Shipping article(s)
June 27, 2024
U.S. West Coast ports have been humming, clocking up double-digit gains in container throughput, including at the Port of Los Angeles, above.

U.S. West Coast ports have been humming, clocking up double-digit gains in container throughput.


Chances of a significant further increase in volume are causing concerns about congestion, though, especially in the event of a work stoppage paralyzing rail traffic in Canada that would push imports to U.S. West Coast gateways.


Consumer demand remains the chief engine of growth, but several other factors also favour rising volumes along the coast. With a labour contract in place – while ports in the east are facing possible works stoppages later this year – plus vessel diversions in response to major disruptions and the prospect of a strong hurricane season in the Gulf of Mexico, West Coast ports seem a safer bet for cargo owners at the moment. Moreover, the threat of a rail strike in Canada has resulted in a build-up of containers at the port of Vancouver.


Vessel operators have signalled plans to divert sailings away from Canada’s largest gateway to U.S. West Coast ports in the event of a work stoppage.


The port of Los Angeles has been overtaken by Laredo, Mexico, as the largest gateway for U.S. imports, reflecting the rising role of Mexico in the wake of nearshoring, but the port has regained momentum after the decline in cargo volumes of 2022.


In April overall cargo volume was up 12% year-on-year, marking a ninth consecutive month of expansion. Loaded imports climbed 21%, while loaded exports surged 51%. 


Over the first four months of the year, Los Angeles processed over 3.1 million TEUs, an increase of almost 25% from a year earlier and 5% higher than the port’s running five-year average.


Neighbouring Long Beach clocked up a 14.4% gain in containers in April. For the January-April period, it reported a 15.8% increase to 2.75 million TEUs, with imports rising 16.3%, while exports sank 19.9%. At the port of Oakland, container volume in the first four months of the year rose 17%.


Loaded imports climbed 7.5% in April, and box exports increased 6.9%. Up the coast, the Northwest Seaport Alliance saw a relatively modest 2.9% growth in container volume in the first quarter, but the pace accelerated in April with a jump of 11.3%.


In part, this growth reflects the return of cargo streams that had been diverted to ports on the East and Gulf Coasts in 2022 as cargo owners were worried about work stoppages in the labour contract negotiations between West Coast terminal operators and labour.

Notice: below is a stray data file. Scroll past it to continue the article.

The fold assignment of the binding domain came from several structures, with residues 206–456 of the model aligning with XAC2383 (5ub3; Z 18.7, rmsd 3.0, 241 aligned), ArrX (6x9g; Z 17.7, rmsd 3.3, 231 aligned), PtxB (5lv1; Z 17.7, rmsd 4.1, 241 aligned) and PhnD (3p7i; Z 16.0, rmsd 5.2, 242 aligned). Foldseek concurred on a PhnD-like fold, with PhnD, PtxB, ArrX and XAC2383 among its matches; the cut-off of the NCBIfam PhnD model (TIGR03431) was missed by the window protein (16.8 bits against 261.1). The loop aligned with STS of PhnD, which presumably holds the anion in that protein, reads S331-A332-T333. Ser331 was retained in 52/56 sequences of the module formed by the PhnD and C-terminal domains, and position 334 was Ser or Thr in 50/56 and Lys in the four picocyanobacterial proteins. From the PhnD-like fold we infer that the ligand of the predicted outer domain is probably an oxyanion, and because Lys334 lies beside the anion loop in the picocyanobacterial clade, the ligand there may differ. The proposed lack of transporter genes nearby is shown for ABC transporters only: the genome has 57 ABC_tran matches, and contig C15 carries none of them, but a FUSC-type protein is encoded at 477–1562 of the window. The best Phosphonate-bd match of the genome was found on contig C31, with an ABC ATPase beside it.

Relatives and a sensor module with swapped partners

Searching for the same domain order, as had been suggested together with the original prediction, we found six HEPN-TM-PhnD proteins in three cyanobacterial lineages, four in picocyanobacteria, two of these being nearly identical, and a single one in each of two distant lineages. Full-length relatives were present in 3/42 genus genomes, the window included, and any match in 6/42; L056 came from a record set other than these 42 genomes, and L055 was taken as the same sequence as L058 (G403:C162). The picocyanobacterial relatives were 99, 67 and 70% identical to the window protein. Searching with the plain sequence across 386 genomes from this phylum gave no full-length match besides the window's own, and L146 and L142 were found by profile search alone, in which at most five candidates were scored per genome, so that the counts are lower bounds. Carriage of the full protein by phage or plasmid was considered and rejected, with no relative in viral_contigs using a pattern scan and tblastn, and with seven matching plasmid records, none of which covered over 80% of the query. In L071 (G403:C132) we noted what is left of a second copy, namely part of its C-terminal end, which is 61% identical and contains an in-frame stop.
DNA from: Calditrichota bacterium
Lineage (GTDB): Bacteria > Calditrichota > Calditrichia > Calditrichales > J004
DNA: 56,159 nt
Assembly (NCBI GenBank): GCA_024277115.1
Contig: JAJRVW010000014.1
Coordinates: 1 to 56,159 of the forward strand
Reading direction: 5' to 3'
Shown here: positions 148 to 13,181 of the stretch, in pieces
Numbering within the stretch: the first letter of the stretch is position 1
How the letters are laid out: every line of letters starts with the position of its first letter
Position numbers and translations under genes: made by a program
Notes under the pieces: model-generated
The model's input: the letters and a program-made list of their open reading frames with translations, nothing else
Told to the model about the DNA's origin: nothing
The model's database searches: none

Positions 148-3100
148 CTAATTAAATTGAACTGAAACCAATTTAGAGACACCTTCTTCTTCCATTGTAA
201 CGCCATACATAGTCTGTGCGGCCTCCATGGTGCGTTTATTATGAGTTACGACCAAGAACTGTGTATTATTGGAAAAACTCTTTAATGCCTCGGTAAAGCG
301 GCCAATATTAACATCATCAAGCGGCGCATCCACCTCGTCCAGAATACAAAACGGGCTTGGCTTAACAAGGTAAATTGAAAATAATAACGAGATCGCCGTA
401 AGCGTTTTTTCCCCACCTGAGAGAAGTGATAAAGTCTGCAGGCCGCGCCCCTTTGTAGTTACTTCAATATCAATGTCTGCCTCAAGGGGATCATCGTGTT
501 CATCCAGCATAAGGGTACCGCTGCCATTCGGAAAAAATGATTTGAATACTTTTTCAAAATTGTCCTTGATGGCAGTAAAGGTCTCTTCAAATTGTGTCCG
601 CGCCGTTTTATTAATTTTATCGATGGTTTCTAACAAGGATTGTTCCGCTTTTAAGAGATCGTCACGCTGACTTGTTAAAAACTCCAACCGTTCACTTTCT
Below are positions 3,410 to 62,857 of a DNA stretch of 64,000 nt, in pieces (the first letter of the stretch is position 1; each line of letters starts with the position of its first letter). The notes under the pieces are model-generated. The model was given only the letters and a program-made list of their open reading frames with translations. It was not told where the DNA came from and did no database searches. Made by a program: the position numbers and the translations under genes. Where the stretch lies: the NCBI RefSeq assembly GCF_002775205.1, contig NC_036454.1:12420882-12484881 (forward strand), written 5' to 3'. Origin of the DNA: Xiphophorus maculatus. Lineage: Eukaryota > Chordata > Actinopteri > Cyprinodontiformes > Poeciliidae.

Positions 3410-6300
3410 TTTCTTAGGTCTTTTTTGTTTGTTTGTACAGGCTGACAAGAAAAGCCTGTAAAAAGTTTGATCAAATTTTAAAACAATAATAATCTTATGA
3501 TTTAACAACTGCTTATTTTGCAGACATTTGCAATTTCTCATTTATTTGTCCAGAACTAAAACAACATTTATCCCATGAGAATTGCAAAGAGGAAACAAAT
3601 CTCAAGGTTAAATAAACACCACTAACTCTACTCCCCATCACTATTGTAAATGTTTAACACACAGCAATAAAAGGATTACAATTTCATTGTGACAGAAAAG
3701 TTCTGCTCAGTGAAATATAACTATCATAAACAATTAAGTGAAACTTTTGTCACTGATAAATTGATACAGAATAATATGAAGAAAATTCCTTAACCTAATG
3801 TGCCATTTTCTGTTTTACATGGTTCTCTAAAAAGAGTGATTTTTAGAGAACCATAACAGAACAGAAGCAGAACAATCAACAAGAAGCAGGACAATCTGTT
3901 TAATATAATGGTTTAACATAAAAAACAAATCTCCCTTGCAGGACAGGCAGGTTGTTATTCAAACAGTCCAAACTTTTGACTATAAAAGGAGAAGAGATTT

With a new contract signed last year, the spectre of labour disruption was banished for five years. Now it is the eastern ports that are facing the prospect of work stoppages as the International Longshoremen Association and the United States Maritime Alliance, representing labour and employers on the East and Gulf Coasts, are about to face off for their contract negotiations.


Early rhetoric has suggested a confrontational stance and little willingness to budge on controversial points from remuneration to terminal automation and work jurisdiction.


So far, few cargo owners have moved to shift significant volumes to the West Coast. In a media briefing in mid-May Gene Seroka, executive director of the port of Los Angeles, reported conversations with cargo owners that these had “shifted fractionally back towards the West Coast”.


He estimated that between 2 and 5 percent of cargo had moved back to the western gateway. He expects this trend to gather momentum in the coming weeks and declared the port ready for it.


“We’re ready to upscale on demand as we move into the second half of 2024,” he stated. “All our vital operational statistics at the port of Los Angeles are at or better than pre-Covid levels.”


According to ITS Logistics, which produces a monthly update on terminals and railheads, some statistics could be better.


Its April Port Rail Ramp Index reported “significant dwell times” for containers “as rail provider equipment is out of balance due to increased demand for East Coast freight arriving to the U.S. West Coast”.


The May issue of the index noted continuing inland point intermodal (IPI) container dwell challenges at the Los Angeles/Long Beach port complex and predicted more stress from the potential Canadian rail strike and ongoing diversions of containers from the eastern U.S. gateways.


“All rail operations throughout North America are being moved to a severe concern due to the potential labor disruption in Canada and IPI congestion in Los Angeles/Long Beach,” warned Paul Brashier, vice president of drayage and intermodal.


Forwarders as well as rate and booking portal Freightos have reported increased demand for sea freight capacity out of China prompted by signs of restocking in Europe and concerns about disruption that have prompted U.S. importers to move early on part of their peak season traffic.


Combined with stretched vessel capacity and equipment shortages building up at Chinese ports, this heralds a growing risk of capacity bottlenecks resulting in skipped port calls with a likely increased focus on major gateways, a scenario that could strain capacity at Los Angeles/Long Beach and the rail infrastructure.


“The best operational plan to avoid these challenges is to terminate imports at the port of entry and use dray off, transload and one-way trucking to get freight into DC networks,” commented Brashier.


ByIan Putzger

Correspondent | Toronto 

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